At the bottom of my inbox sits an email from April 1, 2022. It’s my acceptance letter from my dream school, Boston University. After months of tears and frustration, I finally got into the university of my dreams, only to not go there.
I went to predominantly white schools up until third grade. After that year, I transferred to a majority Black arts- integrative school in a different district. These schools were only 10 minutes apart, yet they were completely different; I could feel the extreme education disparities that exist in Minnesota.
My old schools had more money and resources, but there were more people who looked like and understood me at my new school. For the first time in my life, I found myself excited to go to school.
My new school merged into the district that my old schools were part of two years later. Suddenly, there were new rules and regulations that each student had to follow. We could no longer practice our dance routines for class or work on our artwork in the hallways. There weren’t any more Friday dance parties or honor roll breakfasts. I watched my friends become miserable and lose interest in school. What was the point if we were going to be locked up in our classrooms all day?
The culture at my high school expected me to work and work until I got into the most prestigious university. Even students with free periods were expected to sit in a windowless room and work on assignments for the entire time. Because of this, I spent a great portion of my time comparing myself to other students and placed my worth into admissions officers’ hands. I believed that I was only worth something if I had perfect grades and amazing extracurriculars, and it was hard for me to have fun without feeling like I was supposed to be working. If I didn’t get into a “good” school, I felt like my life was going to waste.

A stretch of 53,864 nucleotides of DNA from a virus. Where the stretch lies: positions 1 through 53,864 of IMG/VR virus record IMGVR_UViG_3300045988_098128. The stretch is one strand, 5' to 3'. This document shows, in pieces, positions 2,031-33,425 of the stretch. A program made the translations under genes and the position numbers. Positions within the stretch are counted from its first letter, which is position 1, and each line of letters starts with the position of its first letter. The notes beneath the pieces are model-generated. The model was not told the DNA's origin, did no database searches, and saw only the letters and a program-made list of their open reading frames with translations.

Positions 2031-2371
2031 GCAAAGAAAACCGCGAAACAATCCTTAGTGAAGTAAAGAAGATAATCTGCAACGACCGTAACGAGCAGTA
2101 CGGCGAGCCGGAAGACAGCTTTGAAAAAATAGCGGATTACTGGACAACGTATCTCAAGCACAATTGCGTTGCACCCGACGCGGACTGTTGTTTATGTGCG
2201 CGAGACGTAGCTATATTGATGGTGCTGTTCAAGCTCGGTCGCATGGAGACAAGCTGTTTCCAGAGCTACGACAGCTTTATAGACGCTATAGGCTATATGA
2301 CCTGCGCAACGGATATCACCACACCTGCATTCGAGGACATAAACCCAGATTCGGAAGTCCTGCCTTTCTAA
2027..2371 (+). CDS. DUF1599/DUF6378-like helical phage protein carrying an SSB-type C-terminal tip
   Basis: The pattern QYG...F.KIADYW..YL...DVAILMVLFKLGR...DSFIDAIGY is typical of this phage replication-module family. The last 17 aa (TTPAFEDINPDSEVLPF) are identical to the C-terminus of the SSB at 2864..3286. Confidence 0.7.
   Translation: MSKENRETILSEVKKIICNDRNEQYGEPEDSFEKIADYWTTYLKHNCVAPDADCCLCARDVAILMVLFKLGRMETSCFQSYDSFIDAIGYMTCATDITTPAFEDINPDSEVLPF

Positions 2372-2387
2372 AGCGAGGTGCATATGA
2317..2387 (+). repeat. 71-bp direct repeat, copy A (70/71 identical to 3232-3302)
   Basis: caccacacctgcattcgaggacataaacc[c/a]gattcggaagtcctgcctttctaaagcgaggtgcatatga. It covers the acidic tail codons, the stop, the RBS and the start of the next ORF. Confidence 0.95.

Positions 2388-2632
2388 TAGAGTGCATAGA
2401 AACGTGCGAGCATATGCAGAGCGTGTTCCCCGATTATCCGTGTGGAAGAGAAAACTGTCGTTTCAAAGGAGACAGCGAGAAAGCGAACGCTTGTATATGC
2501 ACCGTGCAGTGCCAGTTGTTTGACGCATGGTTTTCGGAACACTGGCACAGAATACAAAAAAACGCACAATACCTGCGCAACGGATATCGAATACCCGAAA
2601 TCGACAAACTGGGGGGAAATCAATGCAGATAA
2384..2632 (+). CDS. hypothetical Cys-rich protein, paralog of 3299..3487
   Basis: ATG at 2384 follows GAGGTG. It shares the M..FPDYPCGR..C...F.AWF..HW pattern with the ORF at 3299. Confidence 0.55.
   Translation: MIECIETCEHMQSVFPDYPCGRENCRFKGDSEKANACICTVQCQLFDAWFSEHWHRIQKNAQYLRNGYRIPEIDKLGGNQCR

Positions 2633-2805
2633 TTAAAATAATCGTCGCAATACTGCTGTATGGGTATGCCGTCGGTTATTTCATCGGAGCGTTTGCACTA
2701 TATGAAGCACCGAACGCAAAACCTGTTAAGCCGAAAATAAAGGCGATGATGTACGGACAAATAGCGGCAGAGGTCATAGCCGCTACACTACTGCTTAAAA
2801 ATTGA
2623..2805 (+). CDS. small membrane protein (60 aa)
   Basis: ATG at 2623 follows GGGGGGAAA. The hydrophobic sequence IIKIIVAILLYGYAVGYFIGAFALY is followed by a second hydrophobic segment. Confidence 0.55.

When I started applying for college, I wanted to become a foreign correspondent to help tell the stories of the minority communities I come from. I got into my dream school, but I didn’t have the money to attend and refused to drown myself in student loans. Now I regret ever applying to Boston University.
There are a lot of things I wish had happened to me during my K-12 years. I wish I had someone to tell me that I am allowed to be happy at school. So many rules and expectations were set upon me that I ended up thinking I was only going to succeed if I were miserable.
I want that to change. Students are our future, and they deserve to grow up in joyful spaces. There should be time in the school day for students to have 10 to 15 minutes of free time outside of recess and class — yoga in the morning, arts and crafts in the afternoon, and time to just talk to your class about your day. Even having a little time during the school day for students to be creative allows them to bloom.
Now that I attend the University of Minnesota, I’m starting to find the joy I experienced in my earlier education. I finally have the community and resources to turn my dreams into reality. I’m surrounded by the people I grew up with and rekindling lost friendships. Although the U is a PWI (predominantly white institution), I still have a loving and supportive community, something I didn’t experience much of in K-12. This is the first time in a while that I have felt a warm feeling in my chest while going to class.
I haven’t completely re-found the joy in education I once had, but I don’t think I would have found it 1,400 miles away at Boston University either. Instead of worrying about getting straight A’s, I’ve started to appreciate the small things. I feel proud of myself when I understand a new concept, or when I feel good about how a class went. For me, achievement means moving at my own pace for my own happiness, regardless of what the end results may look like to others.
Faaya Adem (she/her) is an Oromo student journalist attending the University of Minnesota Twin Cities. She is passionate about uplifting diverse and marginalized communities through storytelling. Outside of her work, she enjoys crocheting and spending time with her family.